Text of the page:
Italy recorded a trade deficit for several decades, largely due to the fact that the country lacked energy resources and was entirely dependent on imports for its supply. However, the 1990s brought a change of fortune, beginning with the devaluation of the lira in 1992 which allowed many businesses to compete in overseas export markets, particularly in Asia markets and the United States. The reduction of oil and gas prices in the
|Trade (expressed in billions of US$): Italy|
|SOURCE: International Monetary Fund. International Financial Statistics Yearbook 1999.|
mid-1990s gave a further boost to small and medium-size companies, as did their aggressive promotion of their products, which enabled them to penetrate foreign markets. Today, "Made in Italy" is in many countries a well-regarded indication of quality. In 1998, Italy recorded a trade surplus, with imports totaling US$215.887 billion against exports worth US$242.332 billion. That surplus has since been trimmed, with export of US$241.1 billion in 2000 against imports of US$231.4 billion.
Italy benefits from the EU free market, which is not subject to any trade barriers or tariffs , and 56.8 percent of Italian exports went to other EU countries in 1999. Italy's main export destinations within Europe are Germany (16.4 percent), France (12.9 percent), the United Kingdom (7.1 percent), Spain (6.3 percent), and the Netherlands (2.9 percent). The country's biggest commercial partner outside Europe is the United States, which takes 9.5 percent of Italy's export goods. Recently, a number of Asian countries have become important buyers of Italian products, and exports, particularly of clothes and shoes, to Japan, South Korea, and China are increasing. Italy's major exports are transport equipment, electrical machinery, textiles and clothing, chemicals, and food and beverages. The single largest export is transport equipment, with FIAT the main supplier. FIAT not only exports the motor cars (including Ferraris) for which it is known worldwide, but also a number of other vehicles ranging from train carriages and metro cars to trucks and motorcycles.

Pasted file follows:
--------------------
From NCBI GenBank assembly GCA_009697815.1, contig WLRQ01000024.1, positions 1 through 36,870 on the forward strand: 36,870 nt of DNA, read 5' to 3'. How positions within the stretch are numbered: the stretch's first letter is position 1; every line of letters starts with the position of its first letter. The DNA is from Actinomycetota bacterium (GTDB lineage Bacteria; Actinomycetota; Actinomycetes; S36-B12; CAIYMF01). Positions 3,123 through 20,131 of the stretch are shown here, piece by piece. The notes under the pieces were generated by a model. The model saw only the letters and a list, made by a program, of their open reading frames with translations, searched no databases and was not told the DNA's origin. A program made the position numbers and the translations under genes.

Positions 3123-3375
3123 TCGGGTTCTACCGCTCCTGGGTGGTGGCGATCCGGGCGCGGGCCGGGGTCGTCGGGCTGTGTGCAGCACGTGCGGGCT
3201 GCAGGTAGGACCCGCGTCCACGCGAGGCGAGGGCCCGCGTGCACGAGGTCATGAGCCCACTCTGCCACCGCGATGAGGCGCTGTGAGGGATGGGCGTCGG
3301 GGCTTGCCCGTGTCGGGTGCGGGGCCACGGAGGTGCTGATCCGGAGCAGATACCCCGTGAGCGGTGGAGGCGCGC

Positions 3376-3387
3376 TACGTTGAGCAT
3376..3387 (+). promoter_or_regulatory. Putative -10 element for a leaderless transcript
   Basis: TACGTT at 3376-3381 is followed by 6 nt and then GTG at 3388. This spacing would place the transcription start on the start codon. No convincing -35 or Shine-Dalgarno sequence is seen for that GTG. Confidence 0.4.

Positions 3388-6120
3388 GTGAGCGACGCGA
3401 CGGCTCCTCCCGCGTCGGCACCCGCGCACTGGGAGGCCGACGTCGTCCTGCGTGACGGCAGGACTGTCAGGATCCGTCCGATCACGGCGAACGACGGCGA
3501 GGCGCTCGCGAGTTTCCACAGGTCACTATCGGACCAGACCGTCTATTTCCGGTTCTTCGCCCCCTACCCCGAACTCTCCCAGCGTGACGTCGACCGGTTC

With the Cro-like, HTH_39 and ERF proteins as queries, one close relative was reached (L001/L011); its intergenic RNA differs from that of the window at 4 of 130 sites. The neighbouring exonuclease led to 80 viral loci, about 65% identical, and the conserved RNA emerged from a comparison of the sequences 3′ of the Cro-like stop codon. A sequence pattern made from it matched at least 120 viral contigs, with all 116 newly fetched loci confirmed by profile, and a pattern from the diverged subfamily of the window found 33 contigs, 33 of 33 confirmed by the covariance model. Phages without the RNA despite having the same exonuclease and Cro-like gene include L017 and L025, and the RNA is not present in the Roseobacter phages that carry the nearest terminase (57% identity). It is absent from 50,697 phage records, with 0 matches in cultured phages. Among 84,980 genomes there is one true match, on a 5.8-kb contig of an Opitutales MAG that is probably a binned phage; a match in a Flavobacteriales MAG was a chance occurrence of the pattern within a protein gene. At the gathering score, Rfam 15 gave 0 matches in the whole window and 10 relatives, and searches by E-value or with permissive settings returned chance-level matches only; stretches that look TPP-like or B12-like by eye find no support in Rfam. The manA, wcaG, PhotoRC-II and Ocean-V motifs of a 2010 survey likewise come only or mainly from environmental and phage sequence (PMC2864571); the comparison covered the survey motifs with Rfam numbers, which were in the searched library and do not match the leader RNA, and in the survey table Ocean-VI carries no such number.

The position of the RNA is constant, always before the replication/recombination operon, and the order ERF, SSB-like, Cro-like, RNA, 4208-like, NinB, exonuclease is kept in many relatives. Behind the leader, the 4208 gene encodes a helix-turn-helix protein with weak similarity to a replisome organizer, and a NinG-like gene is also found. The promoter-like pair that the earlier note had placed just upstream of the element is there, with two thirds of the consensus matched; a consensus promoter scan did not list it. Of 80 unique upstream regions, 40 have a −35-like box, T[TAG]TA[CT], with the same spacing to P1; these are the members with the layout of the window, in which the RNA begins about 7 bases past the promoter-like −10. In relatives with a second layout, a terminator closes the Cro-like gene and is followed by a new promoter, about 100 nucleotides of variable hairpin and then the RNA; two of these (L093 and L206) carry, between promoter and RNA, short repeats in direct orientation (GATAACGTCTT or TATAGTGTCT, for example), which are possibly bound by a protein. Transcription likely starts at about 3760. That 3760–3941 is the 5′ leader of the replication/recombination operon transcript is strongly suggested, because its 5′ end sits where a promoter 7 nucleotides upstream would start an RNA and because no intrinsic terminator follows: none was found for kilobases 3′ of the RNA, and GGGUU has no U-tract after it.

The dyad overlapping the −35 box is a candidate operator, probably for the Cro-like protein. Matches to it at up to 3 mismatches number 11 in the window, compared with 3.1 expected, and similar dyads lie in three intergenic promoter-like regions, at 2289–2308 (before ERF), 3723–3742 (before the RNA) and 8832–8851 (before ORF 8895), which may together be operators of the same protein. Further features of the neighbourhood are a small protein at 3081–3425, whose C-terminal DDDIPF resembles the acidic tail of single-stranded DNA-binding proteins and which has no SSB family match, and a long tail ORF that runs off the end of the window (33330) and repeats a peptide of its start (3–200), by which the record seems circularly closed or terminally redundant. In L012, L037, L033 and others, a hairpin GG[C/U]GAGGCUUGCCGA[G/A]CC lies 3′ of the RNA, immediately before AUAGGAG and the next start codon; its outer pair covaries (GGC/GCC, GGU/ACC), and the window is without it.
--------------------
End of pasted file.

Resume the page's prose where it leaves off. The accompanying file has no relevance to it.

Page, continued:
The products of its EU partners also dominate Italy's imports. In 1990, over 61 percent of total imports came from EU countries: Germany (19.3 percent), France (12.6 percent), the Netherlands (6.3 percent), and Spain (4.4 percent). Outside the EU, the United States contributes 5 percent of imports. The composition of imported goods is evidence of the lack of energy resources and raw materials from which the country suffers. Thus, metal represents 9.9 percent of total imports, and petroleum represents 4.5 percent. Transport equipment also figures prominently, as do chemicals and food. All of the most important multinational businesses, across all sectors, operate in Italy, either directly or through subsidiaries. A number of them invested quite heavily in the country, particularly after the liberalization of the European market in 1987, under the auspices of the EU.